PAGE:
By now you're used to large telco carriers coming at you with a variety of managed service offerings. That field of options is about to get much bigger as integrators, resellers and a host of other channel partners enter this lucrative area, typically aimed at small and mid-size customers.
A managed service package can be a very viable option, especially for companies that don't have a deep bench when it comes to IT talent. However, there are plenty of landmines to look out for when evaluating options.
First, which services do carriers intend to deliver? Consider the rationality of the services mix and compare it to your own IT needs and internal technical talent. What's missing? Can you plug any gaps in an effective and economical way? The answers will vary based on your vertical market and particular circumstances.
Second, what is their track record and plan? This translates to: Can they do what they say they will do? Get beyond the marketing collateral here. Talk to the technical people to get your own read on their actual expertise. How much redundancy is built into the system? How many customers do they have, and is there sufficient infrastructure to meet the need? Do they have sufficient technical support resources? What about customer references?
Third, can you get out of the contract if you need to? This is especially important if the provider is new to managed services but only minimally less so if they're veterans of it. An important balance is required here. On the one hand, managed service providers need a predictable revenue stream, as well as the ability to profit over time from the initial setup. But this imperative can lead them to lose sight of the fact that the customer essentially has its whole business in the palm of the provider's hand. This should be acknowledged in no uncertain terms and used as a bargaining chip in negotiating the terms of early termination.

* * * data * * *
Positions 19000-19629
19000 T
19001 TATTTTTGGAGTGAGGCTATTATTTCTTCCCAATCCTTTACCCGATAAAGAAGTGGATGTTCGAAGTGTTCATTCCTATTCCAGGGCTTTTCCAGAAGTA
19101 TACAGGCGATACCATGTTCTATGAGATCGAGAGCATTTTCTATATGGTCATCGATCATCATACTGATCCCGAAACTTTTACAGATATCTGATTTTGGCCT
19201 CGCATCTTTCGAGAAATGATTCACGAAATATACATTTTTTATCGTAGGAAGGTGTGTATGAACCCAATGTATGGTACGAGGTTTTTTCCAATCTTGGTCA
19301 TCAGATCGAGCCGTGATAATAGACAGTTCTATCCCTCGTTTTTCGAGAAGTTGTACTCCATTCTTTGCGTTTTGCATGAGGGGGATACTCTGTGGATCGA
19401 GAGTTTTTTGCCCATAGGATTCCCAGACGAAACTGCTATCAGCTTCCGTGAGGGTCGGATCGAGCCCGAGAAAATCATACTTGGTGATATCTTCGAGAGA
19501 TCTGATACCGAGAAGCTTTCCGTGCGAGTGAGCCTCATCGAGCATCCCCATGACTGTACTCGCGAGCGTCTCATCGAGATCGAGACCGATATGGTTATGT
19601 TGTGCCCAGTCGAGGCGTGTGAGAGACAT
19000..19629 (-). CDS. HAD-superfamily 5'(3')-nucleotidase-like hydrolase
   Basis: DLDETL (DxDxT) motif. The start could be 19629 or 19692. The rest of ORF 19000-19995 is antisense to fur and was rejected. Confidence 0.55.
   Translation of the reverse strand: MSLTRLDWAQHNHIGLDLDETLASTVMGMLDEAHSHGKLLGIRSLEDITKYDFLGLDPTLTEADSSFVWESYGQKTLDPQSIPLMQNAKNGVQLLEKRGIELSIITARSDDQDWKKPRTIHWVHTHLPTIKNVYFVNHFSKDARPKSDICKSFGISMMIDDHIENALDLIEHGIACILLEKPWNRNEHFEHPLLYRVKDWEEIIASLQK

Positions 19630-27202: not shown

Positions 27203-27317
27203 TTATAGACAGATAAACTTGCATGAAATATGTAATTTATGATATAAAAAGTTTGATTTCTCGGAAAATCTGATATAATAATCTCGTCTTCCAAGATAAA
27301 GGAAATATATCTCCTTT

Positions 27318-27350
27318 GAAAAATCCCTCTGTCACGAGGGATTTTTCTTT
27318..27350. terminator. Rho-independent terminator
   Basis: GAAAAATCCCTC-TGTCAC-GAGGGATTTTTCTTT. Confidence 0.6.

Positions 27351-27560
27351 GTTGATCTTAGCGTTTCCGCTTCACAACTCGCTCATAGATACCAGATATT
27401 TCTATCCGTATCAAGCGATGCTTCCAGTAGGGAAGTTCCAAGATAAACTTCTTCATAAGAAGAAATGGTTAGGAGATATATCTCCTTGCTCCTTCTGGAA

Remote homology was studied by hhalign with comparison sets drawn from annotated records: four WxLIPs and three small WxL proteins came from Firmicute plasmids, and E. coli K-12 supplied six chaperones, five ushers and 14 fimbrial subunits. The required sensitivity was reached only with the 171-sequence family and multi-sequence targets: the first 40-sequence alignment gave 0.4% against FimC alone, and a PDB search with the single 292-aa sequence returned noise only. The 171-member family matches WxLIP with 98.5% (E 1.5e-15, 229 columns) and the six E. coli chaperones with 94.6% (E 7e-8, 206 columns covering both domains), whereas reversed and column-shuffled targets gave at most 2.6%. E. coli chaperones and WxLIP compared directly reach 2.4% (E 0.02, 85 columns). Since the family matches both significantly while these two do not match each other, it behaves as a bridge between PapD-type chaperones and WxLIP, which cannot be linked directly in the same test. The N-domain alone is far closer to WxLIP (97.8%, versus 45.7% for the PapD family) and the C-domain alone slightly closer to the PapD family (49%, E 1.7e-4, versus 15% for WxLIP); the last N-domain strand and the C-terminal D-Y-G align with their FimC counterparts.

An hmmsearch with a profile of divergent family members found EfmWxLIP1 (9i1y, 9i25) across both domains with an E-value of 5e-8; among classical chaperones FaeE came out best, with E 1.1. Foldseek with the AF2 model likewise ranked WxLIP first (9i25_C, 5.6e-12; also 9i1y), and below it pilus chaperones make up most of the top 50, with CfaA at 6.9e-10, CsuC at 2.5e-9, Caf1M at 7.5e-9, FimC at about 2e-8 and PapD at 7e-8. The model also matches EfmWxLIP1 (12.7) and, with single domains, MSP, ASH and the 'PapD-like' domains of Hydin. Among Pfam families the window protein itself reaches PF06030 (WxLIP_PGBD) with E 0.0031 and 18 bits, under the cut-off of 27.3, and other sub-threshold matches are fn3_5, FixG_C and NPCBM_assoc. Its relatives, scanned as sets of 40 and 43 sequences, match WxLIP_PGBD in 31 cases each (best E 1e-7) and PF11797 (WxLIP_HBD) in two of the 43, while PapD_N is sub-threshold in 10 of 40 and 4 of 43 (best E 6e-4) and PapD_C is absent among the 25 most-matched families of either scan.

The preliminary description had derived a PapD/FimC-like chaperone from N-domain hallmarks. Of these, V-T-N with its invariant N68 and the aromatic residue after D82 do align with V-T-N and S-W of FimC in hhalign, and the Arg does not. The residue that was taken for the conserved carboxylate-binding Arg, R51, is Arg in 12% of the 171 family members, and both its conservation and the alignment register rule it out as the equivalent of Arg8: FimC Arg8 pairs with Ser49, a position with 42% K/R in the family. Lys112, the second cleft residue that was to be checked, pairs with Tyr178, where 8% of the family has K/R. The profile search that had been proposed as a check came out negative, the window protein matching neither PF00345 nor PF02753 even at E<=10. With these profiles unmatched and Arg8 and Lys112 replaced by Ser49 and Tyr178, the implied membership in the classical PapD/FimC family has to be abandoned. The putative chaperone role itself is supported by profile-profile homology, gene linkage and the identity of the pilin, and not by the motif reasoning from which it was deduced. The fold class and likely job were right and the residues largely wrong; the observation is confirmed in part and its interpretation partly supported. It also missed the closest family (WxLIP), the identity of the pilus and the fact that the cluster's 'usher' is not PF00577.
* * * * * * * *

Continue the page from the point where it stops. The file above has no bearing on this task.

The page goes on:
Fourth, what is the provider's strategy for the adoption of new technology? With so much happening in technology these days, it's important to know the provider will continue to invest in its own value. This can be difficult to ascertain, because the self-serving answer is always the easy one: Yes, we do intend to invest. One way of addressing this topic is to ask about the related technologies the provider considers to be evolving fastest and in the most important ways. Then judge their ability to engage the issue from there.
Managed services can offer many benefits in terms of capabilities and efficiencies, but not all offerings are created equal, and it's up to the buyer to carefully pick and choose. With an ever-expanding field of options on the horizon, those choices will become far more complex.
Presti is research director of IDC's Network Channels and Alliances service. He can be reached at firstname.lastname@example.org